Hara strikes a natural balance between the magical realism of Nori’s world and the realistic tensions of her family. On one page, we’ll see rabbits take to the sky, and on another, her mother and grandmother will argue about how best to raise her. Nori’s Grandmother takes care of her because Nori’s mother works, and the tension this creates in the family will be familiar to many. Nori is awakened every morning by the slam of the door as her mother departs for work, and the day begins with Nori’s yell of “MOMMY!” Things calm down from there, but Nori wants to be carried and Grandmother’s back hurts too much to carry her far. When she’s put down, Nori runs after a cat and disappears. Grandmother scolds Nori’s mother for picking her up at the drop of the hat, but scolds her again when Nori cries at being put down. Nori’s parents are late for her nursery school play and miss her performance. These tensions, so common in busy, multi-generational families, run through each chapter without detracting from the playful tone.
Although Hara’s people and settings are rendered lovingly in ink with a monochrome wash, her drawings are never romanticized or overly pretty. Nori‘s end papers are decorated with illustrations of the commonly overlooked objects of a child’s life: a plastic watering can, a snow globe, a favorite jacket, a rubber duck. Hara depicts Nori’s life the way some people remember their childhoods: in tiny vivid details that add up to something larger. The visual style sometimes floats into manga tropes, as when Nori’s new classmate insults her lunch bento and Nori punches him in the mouth, causing a tooth to shoot out.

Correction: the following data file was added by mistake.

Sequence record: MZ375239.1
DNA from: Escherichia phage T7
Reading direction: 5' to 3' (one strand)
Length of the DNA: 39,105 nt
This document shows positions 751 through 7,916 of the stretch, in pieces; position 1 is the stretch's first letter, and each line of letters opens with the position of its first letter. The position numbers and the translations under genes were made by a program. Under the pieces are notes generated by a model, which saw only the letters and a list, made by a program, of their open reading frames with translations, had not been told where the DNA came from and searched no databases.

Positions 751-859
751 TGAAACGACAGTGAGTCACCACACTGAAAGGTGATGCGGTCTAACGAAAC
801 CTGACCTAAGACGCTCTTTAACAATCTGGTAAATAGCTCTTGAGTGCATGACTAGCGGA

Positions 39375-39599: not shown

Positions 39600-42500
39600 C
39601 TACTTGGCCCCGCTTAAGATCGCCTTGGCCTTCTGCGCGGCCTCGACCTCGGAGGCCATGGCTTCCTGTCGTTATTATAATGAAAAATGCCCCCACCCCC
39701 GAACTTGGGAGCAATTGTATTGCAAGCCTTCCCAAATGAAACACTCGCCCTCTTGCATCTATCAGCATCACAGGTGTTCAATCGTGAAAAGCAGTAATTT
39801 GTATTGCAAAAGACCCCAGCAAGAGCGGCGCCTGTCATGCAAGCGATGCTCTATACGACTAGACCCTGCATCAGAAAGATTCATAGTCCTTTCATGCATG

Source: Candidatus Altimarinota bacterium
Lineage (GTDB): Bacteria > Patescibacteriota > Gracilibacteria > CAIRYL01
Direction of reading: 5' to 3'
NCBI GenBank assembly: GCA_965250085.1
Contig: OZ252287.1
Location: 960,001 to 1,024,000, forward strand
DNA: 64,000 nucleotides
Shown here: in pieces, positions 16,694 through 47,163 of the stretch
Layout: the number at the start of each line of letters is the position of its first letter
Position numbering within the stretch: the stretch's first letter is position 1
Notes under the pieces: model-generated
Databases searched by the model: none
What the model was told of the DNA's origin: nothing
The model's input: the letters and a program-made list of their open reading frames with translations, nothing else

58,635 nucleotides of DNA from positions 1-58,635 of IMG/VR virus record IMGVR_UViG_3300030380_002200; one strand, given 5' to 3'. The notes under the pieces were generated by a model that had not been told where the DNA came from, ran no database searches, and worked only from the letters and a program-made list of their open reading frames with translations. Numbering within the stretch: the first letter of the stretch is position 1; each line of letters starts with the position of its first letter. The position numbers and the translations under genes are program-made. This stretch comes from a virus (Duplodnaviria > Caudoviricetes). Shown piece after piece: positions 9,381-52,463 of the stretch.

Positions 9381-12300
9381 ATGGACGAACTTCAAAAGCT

Nori will appeal to readers who enjoy nostalgic childhood stories, those interested in Japanese culture and history, and even manga fans looking to branch out. Retailing for over $20 US, Nori is a better purchase for medium or large graphic novel collections. Smaller collections might consider it where dreamy childhood tales or manga are popular. Nori will be shelved with adult collections, but should also be recommended for young readers with an interest in imaginative stories or Japanese culture.
Nori By Rumi Hara ISBN: 9781770463974 Drawn and Quarterly, 2020
Title Details and Representation NFNT Age Recommendation: Adult (18+) Character Traits: Japanese Creator Highlights: Japanese